Normal sensory perception and motor control depend on dynamic functional interactions among different regions of the neocortex. Dysfunction in these interactions can lead to devastating neurological and neuropsychiatric disorders. While interactions among cortical areas are thought to be mediated primarily by direct synaptic connections between cortical neurons (i.e. direct corticocortical connections), the thalamus may also play a crucial role in these interactions. The thalamus is an obligatory relay for most sensory information sent to the cortex, and the cortex sends massive feedback projections to thalamus, modulating sensory throughput. Relay cells in higher-order thalamic nuclei receive especially strong corticothalamic synaptic inputs from projection neurons in cortical layer 5, and these same thalamic relay cells also send strong thalamocortical synaptic inputs to secondary/higher order cortex. Thus, in addition to monosynaptic corticocortical connections, distinct cortical areas might also interact disynaptically via higher-order thalamus (the ?transthalamic corticocortical pathway?). Despite previous anatomical demonstrations, the functional role of the transthalamic corticocortical pathway remains poorly understood. The primary goal of my proposal is to investigate how higher-order visual thalamus (the lateral posterior nucleus, LP) mediates functional interactions between primary (V1) and secondary (V2) visual cortex in awake, behaving mice, and how direct corticocortical inputs are integrated with transthalamic corticocortical inputs in V2. These investigations will significantly enhance our understanding of the thalamic contribution to dynamic cortical interactions and expand my training in experimental and analytical techniques as I prepare for an independent investigator position. My research proposal consists of three specific aims: 1) To study how the transthalamic interactions between V1 and V2 depend on arousal, 2) To determine how activity in the transthalamic pathway between V1 and V2 shapes visual responses in V2 neurons, and 3) To investigate how synaptic inputs from direct corticocortical projections and transthalamic corticocortical projections are integrated by V2 neurons, and what types of information these two projections carry during active visually guided behavior. During the K99 phase, under the guidance of Dr. Jessica Cardin and the support of my advisory committee (Drs. Michael Higley and Michael Crair), I will become proficient in several techniques, including in vivo 2-photon calcium imaging of neuronal populations and axon terminals and in vivo optogenetic manipulations. During the R00 phase and beyond, my goal is to combine an array of techniques (from detailed study of synaptic transmission in vitro to large-scale monitoring of neuronal activity in task-engaged animals) to study the dynamic interactions between various cortical and thalamic pathways of the visual system, how these interactions develop, and how these interactions underlie visual behavior in both normal and pathological states.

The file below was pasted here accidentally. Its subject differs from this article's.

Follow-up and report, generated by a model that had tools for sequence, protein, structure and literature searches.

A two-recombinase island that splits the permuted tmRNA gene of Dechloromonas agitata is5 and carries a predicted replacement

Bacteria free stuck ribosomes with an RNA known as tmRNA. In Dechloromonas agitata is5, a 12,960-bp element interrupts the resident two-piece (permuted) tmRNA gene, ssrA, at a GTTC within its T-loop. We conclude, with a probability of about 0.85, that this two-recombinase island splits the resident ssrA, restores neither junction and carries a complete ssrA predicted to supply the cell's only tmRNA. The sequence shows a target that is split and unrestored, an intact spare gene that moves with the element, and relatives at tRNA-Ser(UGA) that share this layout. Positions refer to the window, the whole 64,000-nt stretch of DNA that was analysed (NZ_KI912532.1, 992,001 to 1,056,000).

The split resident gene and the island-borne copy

Public Health Relevance

Coordinated activity among different regions of the neocortex is essential for normal sensory perception, cognition, and motor control. My research will focus on the mechanisms by which the visual thalamus mediates functional communication between visual cortical areas through the transthalamic corticocortical circuit. This project will provide insight into core mechanisms of functional communication between visual cortical areas, interactions that are impaired by both diseases affecting visual perception (e.g. schizophrenia) and brain injuries affecting visually guided behavior (e.g. visuo-spatial neglect following trauma).

National Institute of Health (NIH)
National Eye Institute (NEI)
Career Transition Award (K99)
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Special Emphasis Panel (ZEY1)
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Agarwal, Neeraj
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Yale University
Schools of Medicine
New Haven
United States
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